Tee Time: History Of The Slogan T-shirt
You go home, open your closet and pull out that favorite t-shirt. Hold it up as the cotton feels so yummy and worn out since you’ve been wearing it forever. That t-shirt has the power to connect you to your past, an amazing summer spent away, maybe a great concert you attended, maybe it reminds you of a journey you took travelling across the country or a lost love!
The Origin & Katherine Hamnett
From being an undergarment that was worn underneath jackets to breaking taboos and becoming mainstream pop culture of the youth, t-shirts have been a revolution in themselves. When two pop culture icons like Marlon Brando & James Dean wore a plain white t-shirt in the movies, it became a symbol of rebellion and the youth embraced it. Brands & companies didn’t take too long to plaster their logos on them, basically making the t-shirts – walking billboards! Now when trends become mainstream, ‘reinvention’ happens. From a basic white, t-shirts finally get ink and as the ink arrived, one such reinvention happened with the SLOGAN T-SHIRTS!
From the beginning, t-shirts have always been a medium of self-expression or advertising which is true even today. Starting in the 1960’s, t-shirts were sometimes used to market consumer products like Coca-cola or Mickey Mouse and other times to advertise or celebrate and important event. They were also beginning to be used to make a strong political or personal statement. This resulted in the onset of Slogan T-shirts & the revolution that began.
One of the most fascinating stories of the origin of slogan t-shirts revolves around a woman who reinvented the conventional tee & pioneered the new t-shirt trend with large printed slogans. In 1983, British fashion designer Katherine Hamnett felt she could use the industry she worked in to her advantage and use it as an expression of powerful social and political messages. Inspired by the attention-grabbing bold typography of the tabloid headlines, she plastered the words ‘Choose Life’ on a plain oversized white t-shirt. From the Buddhist philosophy, the slogan was a comment against war, death & destruction and was first popularly seen in the music video for ‘Wake Me Up Before You Go Go’ by the music group ‘Wham!’. Within a year, Katherine made 5 more graphic slogan tees, one of them seen wearing by the band Queen. Others soon followed her lead and there was a surge of slogan tees all around.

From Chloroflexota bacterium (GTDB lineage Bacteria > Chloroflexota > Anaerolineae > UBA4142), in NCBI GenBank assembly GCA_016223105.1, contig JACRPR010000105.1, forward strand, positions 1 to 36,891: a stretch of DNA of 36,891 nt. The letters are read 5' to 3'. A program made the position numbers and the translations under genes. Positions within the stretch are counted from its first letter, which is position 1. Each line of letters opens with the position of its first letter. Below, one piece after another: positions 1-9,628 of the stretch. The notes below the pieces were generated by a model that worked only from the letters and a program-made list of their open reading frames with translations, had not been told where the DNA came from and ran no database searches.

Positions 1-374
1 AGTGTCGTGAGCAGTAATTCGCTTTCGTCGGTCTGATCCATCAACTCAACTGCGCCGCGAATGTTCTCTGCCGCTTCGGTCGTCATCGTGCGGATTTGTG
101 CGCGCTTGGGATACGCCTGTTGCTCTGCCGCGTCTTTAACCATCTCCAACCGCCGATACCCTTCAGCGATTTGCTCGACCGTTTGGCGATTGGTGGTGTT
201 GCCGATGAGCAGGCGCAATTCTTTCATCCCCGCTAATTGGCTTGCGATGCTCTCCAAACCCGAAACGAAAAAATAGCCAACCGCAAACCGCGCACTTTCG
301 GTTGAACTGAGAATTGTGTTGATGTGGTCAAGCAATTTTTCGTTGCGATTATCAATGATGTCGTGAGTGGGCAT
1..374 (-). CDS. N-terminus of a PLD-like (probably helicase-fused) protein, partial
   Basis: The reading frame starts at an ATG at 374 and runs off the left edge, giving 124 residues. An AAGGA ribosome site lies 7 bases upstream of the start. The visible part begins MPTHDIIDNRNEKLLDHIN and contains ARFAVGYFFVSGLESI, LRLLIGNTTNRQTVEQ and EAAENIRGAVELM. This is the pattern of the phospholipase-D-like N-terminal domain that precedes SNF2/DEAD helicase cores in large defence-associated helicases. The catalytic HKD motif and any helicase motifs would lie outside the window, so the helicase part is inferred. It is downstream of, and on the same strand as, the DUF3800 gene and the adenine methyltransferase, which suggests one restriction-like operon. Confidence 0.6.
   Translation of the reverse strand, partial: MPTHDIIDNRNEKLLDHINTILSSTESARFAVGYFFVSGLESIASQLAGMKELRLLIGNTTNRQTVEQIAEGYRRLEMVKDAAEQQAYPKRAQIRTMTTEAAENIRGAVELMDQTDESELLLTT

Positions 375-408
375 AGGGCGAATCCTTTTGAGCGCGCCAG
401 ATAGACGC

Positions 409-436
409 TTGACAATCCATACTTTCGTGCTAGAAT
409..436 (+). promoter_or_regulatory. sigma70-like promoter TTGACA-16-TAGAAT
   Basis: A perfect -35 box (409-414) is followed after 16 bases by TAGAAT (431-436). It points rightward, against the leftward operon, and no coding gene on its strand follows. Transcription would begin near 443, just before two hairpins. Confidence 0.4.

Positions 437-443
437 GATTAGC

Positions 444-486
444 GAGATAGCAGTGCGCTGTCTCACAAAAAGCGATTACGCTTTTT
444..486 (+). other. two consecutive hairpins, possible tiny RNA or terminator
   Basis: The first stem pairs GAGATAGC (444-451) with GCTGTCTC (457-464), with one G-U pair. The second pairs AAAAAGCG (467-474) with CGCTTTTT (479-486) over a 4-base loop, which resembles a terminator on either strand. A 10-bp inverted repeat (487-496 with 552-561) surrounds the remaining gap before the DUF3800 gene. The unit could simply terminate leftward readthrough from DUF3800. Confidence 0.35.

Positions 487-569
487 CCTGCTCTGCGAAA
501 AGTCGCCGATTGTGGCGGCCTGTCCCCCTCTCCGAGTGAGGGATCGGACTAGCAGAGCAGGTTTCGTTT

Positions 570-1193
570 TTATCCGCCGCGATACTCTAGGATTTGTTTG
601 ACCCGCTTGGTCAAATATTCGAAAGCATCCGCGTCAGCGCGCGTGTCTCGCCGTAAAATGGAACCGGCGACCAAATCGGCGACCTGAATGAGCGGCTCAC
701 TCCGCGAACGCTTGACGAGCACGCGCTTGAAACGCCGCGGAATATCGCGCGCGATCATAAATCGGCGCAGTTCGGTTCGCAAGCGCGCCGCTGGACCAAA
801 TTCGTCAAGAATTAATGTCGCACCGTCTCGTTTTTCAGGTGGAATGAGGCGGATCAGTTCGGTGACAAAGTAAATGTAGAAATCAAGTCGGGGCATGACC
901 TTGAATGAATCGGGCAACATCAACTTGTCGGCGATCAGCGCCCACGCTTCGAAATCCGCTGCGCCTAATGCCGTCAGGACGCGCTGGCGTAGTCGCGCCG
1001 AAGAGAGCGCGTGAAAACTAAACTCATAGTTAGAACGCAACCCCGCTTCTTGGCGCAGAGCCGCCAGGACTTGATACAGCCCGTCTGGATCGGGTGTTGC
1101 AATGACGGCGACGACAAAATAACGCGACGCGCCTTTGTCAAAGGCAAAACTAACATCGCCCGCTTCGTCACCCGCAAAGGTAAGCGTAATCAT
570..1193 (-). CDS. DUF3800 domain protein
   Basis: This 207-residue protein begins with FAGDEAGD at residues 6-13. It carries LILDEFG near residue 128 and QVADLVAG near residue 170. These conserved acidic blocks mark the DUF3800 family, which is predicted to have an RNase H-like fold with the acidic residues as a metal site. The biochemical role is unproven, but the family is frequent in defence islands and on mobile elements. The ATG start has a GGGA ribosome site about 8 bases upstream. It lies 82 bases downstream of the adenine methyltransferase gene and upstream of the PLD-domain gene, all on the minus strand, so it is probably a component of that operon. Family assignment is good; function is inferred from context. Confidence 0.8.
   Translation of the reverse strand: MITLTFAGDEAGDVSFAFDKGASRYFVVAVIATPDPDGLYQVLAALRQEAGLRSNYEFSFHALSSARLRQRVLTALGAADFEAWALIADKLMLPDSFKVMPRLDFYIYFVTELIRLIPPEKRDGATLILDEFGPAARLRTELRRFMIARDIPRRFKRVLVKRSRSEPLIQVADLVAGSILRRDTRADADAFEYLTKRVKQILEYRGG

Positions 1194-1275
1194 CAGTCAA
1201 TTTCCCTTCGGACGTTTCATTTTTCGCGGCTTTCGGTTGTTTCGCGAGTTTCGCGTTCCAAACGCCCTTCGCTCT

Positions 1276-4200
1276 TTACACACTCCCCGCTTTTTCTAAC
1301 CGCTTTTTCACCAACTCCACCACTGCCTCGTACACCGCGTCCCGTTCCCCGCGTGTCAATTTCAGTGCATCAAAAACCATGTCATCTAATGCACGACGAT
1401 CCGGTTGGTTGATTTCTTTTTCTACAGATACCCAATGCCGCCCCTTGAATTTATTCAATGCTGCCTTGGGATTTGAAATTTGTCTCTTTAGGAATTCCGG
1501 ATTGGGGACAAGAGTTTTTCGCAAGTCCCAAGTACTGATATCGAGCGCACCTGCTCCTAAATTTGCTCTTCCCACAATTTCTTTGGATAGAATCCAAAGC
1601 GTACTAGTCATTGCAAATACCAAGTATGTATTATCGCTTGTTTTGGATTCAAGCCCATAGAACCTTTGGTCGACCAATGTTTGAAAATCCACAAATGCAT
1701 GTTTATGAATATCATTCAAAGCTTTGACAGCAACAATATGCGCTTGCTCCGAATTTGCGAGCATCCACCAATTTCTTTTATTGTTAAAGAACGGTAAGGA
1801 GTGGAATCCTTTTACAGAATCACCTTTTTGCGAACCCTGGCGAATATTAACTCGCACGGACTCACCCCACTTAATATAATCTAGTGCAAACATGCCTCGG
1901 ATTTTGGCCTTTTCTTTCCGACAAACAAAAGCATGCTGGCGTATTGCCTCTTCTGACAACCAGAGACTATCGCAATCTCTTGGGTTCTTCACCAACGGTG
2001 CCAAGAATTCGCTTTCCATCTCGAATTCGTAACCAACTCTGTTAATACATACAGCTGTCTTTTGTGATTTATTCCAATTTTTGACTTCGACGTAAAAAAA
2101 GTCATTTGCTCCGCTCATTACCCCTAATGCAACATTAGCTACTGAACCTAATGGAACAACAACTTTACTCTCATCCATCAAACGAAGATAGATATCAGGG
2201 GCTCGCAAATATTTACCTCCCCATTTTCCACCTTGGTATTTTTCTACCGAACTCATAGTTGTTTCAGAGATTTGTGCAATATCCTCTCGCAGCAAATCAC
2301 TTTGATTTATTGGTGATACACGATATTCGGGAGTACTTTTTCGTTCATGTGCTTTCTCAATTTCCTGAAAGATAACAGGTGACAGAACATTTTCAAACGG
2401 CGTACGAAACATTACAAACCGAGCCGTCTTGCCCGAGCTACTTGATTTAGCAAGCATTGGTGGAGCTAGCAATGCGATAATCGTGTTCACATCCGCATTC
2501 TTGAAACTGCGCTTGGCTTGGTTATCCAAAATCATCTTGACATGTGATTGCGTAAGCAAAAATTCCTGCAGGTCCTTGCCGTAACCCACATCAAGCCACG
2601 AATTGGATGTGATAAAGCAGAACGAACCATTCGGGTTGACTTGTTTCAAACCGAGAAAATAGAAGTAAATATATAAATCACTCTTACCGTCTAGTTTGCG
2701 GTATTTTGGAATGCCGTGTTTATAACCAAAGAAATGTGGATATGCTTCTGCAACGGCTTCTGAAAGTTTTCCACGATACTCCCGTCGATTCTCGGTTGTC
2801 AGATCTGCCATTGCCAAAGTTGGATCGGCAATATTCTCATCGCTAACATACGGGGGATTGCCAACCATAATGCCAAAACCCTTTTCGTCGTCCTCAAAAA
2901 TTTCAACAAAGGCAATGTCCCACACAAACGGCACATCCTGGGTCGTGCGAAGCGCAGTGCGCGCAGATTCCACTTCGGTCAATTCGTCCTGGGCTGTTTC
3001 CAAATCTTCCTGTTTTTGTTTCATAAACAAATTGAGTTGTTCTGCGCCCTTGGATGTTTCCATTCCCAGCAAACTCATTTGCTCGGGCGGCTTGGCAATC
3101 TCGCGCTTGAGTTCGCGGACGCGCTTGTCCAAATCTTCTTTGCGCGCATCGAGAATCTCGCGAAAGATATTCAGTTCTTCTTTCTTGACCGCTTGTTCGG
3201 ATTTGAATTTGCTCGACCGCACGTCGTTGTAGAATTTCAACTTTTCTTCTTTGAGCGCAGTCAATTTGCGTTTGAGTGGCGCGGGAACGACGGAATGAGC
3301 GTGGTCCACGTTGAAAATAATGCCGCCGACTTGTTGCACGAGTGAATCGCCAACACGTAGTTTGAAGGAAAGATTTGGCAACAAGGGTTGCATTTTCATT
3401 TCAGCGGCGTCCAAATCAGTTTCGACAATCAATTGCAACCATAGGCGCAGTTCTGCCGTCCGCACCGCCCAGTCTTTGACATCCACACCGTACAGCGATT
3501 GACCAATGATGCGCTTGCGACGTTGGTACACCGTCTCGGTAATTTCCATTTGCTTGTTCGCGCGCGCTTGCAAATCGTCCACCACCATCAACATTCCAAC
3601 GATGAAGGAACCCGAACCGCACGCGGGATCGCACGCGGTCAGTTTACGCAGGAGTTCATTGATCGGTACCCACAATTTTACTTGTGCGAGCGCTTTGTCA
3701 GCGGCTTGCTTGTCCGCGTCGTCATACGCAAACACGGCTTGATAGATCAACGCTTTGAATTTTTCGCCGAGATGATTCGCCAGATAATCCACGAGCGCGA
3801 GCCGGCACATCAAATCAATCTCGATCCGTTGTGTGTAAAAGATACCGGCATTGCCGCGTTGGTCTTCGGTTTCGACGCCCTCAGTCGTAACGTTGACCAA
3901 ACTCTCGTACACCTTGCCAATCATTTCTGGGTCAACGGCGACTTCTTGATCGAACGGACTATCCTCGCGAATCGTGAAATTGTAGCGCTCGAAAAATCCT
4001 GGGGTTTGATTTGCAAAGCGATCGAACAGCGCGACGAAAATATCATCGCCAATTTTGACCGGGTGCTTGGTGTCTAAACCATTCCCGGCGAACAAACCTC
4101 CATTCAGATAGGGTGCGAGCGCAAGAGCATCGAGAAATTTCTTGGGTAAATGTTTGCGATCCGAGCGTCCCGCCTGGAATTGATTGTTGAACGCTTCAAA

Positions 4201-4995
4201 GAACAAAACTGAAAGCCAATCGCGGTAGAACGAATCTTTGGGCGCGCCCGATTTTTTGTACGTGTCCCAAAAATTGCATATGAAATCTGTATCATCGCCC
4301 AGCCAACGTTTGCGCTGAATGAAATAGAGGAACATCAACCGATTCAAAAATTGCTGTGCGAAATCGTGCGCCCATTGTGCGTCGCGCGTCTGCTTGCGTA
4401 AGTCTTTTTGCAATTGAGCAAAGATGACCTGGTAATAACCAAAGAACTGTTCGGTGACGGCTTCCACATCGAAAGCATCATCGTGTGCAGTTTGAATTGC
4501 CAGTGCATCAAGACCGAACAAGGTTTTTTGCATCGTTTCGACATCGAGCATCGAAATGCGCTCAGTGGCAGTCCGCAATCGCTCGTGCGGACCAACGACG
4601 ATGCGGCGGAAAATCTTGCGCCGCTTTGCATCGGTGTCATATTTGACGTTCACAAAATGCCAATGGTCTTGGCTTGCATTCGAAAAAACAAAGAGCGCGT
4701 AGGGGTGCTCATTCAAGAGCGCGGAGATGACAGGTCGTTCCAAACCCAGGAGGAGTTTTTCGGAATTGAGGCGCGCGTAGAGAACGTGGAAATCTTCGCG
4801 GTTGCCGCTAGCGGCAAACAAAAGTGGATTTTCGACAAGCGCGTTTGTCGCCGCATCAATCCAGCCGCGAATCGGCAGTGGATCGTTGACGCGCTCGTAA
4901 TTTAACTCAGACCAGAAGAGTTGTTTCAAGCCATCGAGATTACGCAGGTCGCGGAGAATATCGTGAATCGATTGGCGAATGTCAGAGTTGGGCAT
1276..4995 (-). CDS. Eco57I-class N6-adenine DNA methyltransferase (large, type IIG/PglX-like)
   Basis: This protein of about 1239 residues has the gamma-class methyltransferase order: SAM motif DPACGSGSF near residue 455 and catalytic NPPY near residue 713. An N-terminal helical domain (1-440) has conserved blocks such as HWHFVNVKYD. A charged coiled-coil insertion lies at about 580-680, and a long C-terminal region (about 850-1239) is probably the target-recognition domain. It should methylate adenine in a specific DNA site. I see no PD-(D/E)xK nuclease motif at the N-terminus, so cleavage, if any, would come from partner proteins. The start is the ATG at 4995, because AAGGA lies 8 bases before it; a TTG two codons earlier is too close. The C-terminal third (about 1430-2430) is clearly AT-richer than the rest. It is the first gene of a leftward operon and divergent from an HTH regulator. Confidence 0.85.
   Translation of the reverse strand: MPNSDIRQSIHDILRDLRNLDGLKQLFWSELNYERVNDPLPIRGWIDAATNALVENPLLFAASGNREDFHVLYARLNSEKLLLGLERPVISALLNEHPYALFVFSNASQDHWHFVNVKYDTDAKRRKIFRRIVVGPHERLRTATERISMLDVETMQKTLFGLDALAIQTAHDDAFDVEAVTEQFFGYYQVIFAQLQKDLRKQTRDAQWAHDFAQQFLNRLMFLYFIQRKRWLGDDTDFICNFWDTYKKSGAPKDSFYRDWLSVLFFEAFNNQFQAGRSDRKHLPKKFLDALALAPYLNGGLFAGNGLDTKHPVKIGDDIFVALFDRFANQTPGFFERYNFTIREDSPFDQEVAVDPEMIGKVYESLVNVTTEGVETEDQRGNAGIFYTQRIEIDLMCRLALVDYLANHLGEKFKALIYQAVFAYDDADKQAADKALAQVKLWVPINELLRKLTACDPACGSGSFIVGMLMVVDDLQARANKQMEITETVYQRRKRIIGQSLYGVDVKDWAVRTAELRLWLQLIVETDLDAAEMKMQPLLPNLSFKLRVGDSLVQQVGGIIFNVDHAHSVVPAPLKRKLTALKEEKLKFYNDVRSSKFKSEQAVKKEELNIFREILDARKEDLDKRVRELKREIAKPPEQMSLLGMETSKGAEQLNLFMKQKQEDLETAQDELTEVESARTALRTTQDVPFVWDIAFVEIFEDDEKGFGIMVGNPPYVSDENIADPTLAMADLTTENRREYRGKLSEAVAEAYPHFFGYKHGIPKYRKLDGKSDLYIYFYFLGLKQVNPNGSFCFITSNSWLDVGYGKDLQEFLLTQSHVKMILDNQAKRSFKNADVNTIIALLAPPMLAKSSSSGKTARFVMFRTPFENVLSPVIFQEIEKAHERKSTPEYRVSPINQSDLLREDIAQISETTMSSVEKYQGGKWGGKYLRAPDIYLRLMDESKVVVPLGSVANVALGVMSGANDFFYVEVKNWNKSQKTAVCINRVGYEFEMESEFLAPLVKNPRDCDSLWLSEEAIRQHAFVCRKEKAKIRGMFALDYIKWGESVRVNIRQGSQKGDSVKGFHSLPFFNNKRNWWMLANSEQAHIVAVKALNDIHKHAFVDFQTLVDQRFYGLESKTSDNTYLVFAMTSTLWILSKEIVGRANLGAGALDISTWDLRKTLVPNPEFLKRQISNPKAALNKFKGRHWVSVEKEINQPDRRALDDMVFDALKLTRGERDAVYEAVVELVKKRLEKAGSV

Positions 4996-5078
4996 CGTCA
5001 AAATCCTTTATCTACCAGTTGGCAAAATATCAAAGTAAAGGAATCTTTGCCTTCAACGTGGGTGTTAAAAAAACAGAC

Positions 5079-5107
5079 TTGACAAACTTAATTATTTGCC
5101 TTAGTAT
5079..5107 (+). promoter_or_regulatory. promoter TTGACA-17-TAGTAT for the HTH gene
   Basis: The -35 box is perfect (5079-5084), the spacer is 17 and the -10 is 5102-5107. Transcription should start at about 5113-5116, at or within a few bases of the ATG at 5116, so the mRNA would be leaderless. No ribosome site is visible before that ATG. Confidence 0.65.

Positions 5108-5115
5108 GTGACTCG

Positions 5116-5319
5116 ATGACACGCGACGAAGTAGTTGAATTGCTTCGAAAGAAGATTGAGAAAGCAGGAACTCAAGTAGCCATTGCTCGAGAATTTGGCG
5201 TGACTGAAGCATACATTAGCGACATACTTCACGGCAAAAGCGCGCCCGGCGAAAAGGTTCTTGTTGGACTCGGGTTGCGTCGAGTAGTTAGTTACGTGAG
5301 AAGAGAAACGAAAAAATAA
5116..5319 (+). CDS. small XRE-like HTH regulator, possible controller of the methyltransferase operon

Another important anecdote recalls Hamnett being invited to a London Fashion Week reception with the then Prime Minister Margaret Thatcher. She executed the most badass move when she chose to wear one of her slogan t-shirts to the event that said ‘58% don’t want pershing’ – a comment against the installation of U.S. missiles in the U.K. She initially covered the tee with a jacket but opened it as she shook hands with Thatcher so that the paparazzi could capture the moment!
Katherine is still best known for giving the T-shirts their first political makeover. She viewed her t-shirts as a way to get strong social messages across. She said, “If you want to get the message out there, you should print it in giant letters on a t-shirt.”
So that’s how T-shirts with bold slogans became popular. Even today, protest tees are everywhere. From feminist movements to capitalism, people wear their politics on their sleeves and sometimes at huge risks. Let’s look at the most iconic slogan t-shirts of all time:
I <3 NY
In 1977, to combat the falling tourism of the city, the New York Department of Commerce hired an advertising agency to create a marketing campaign. What turned out to be one of the most iconic marketing campaigns worldwide, the graphic designer Milton Glaser had a Eureka moment when her sketched I *heart* NY on a napkin in a taxi.
Keep Calm & Carry On
Originally a motivational poster created by the British government during the preparation for World War 2. The slogan is displayed under a ‘Tudor Crown’ (symbol of the state). The poster was designed to strengthen the morale of the British in the wartime. Now popularly seen on t-shirts as a slogan, it has seen countless variations, sometimes even funny.
Nike’s Just Do It
Doubling up as an iconic t-shirt slogan apart from being the brand’s famous tagline. It is one of the most famous slogan t-shirts around the globe seen as a symbol of motivation to do just about any task.
Frankie Say Relax
The phrase comes from a 1984 song by Frankie Goes to Hollywood. The design was inspired by Katherine Hamnett’s trend of block lettered slogan t-shirts. The slogan saw more variations down the line.
Think about what would be YOUR SLOGAN to go on your t-shirt. Or shop from our quirky slogan t-shirts on www.vajor.com